Lion Air crash victims’ families to rally as hunt for wreckage steps up

Updated 18 min 45 sec ago
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Lion Air crash victims’ families to rally as hunt for wreckage steps up

  • Lion Air is paying for a specialized ship to help lift the main wreckage of flight JT 610 and give investigators a better chance of finding the cockpit voice recorder (CVR) in a search that has lacked sophisticated equipment for the last month
  • The enhanced search will cost $2.8 million for the first 10 days

JAKARTA: Families of some of the 189 people killed in a Lion Air plane crash plan a protest rally in Indonesia on Thursday, while stalled efforts to bring the main wreckage to the surface and find the second black box are set to resume next week.
The Boeing Co. 737 MAX jet crashed into the Java Sea on Oct. 29 shortly after take-off from Jakarta, but the families expressed concern that the remains of 64 passengers have yet to be identified, with just 30 percent of the plane’s body found.
“The relatives hope that all members of our families who died in the accident can be found and their bodies buried in a proper way,” a group that says it represents about 50 families said in a statement.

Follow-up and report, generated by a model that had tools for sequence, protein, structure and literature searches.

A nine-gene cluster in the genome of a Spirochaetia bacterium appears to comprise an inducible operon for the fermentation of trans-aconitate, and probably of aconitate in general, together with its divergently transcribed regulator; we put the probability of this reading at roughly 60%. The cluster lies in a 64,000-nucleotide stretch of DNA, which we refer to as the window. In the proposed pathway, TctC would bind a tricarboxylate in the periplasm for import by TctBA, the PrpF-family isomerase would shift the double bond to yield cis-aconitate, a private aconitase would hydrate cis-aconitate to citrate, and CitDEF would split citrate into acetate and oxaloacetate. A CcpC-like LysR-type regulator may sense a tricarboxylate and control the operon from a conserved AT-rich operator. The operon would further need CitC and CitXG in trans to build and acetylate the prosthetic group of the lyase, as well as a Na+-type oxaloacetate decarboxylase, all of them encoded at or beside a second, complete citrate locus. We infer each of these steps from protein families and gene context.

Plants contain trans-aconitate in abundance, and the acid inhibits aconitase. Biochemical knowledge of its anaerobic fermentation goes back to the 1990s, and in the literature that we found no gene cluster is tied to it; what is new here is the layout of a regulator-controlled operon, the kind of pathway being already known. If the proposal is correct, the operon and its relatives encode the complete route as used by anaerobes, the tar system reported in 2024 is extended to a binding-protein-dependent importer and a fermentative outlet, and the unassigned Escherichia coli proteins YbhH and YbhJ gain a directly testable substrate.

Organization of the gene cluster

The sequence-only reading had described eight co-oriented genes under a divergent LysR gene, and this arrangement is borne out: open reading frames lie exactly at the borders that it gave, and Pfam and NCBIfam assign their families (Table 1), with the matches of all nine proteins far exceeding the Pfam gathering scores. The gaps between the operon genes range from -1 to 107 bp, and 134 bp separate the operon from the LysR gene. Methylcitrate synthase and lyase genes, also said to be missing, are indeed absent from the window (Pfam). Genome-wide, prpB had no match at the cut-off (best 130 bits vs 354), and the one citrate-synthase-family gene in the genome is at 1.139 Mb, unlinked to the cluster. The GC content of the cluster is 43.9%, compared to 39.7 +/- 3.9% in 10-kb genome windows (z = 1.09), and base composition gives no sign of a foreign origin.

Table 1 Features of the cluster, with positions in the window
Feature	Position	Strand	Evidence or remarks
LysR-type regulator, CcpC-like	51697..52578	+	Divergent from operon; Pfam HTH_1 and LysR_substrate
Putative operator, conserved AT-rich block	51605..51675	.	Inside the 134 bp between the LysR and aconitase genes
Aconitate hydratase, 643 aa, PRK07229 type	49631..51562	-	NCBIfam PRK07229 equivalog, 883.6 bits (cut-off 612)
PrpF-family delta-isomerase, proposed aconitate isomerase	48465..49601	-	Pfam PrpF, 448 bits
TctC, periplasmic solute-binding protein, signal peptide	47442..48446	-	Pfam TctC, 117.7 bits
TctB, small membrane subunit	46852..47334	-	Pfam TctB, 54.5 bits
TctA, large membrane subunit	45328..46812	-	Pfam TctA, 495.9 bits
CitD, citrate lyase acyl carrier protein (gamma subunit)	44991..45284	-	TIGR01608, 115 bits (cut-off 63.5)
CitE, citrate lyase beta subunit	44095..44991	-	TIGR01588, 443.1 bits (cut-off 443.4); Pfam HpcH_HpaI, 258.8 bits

“We hope the search for the victims will use vessels with sophisticated technology,” it added, ahead of the rally planned for outside the presidential palace in Jakarta.
Lion Air is paying for a specialized ship to help lift the main wreckage of flight JT 610 and give investigators a better chance of finding the cockpit voice recorder (CVR) in a search that has lacked sophisticated equipment for the last month, Reuters reported.
Indonesia’s national transport panel said the vessel was due to arrive on Monday.
The enhanced search will cost $2.8 million for the first 10 days, a source close to the airline said on Thursday, on condition of anonymity, adding that Lion Air is paying because the government does not have the budget.
A spokesman for Lion Air was unable to respond immediately to a request for comment.
“Funds for the CVR search will be borne by Lion Air which has signed a contract for a ship from a Singaporean company,” a finance ministry spokesman told Reuters.
Lion Air’s decision to foot the bill is a rare test of global norms regarding search independence, as such costs are typically paid by governments.
In this case, investigators said they had faced bureaucratic wrangling and funding problems before Lion Air stepped in.
Safety experts say it is unusual for one of the parties to help fund an investigation, required by UN rules to be independent, so as to ensure trust in any safety recommendations made.
There are also broader concerns about resources available for such investigations worldwide, coupled with the risk of agencies being ensnared in legal disputes.
The clock is ticking in the hunt for acoustic pings coming from the L3 Technologies Inc. cockpit voice recorder fitted to the jet. It has a 90-day beacon, the manufacturer’s online brochure shows.
The flight data recorder was retrieved three days after the crash, providing insight into aircraft systems and crew inputs, although the cause has yet to be determined.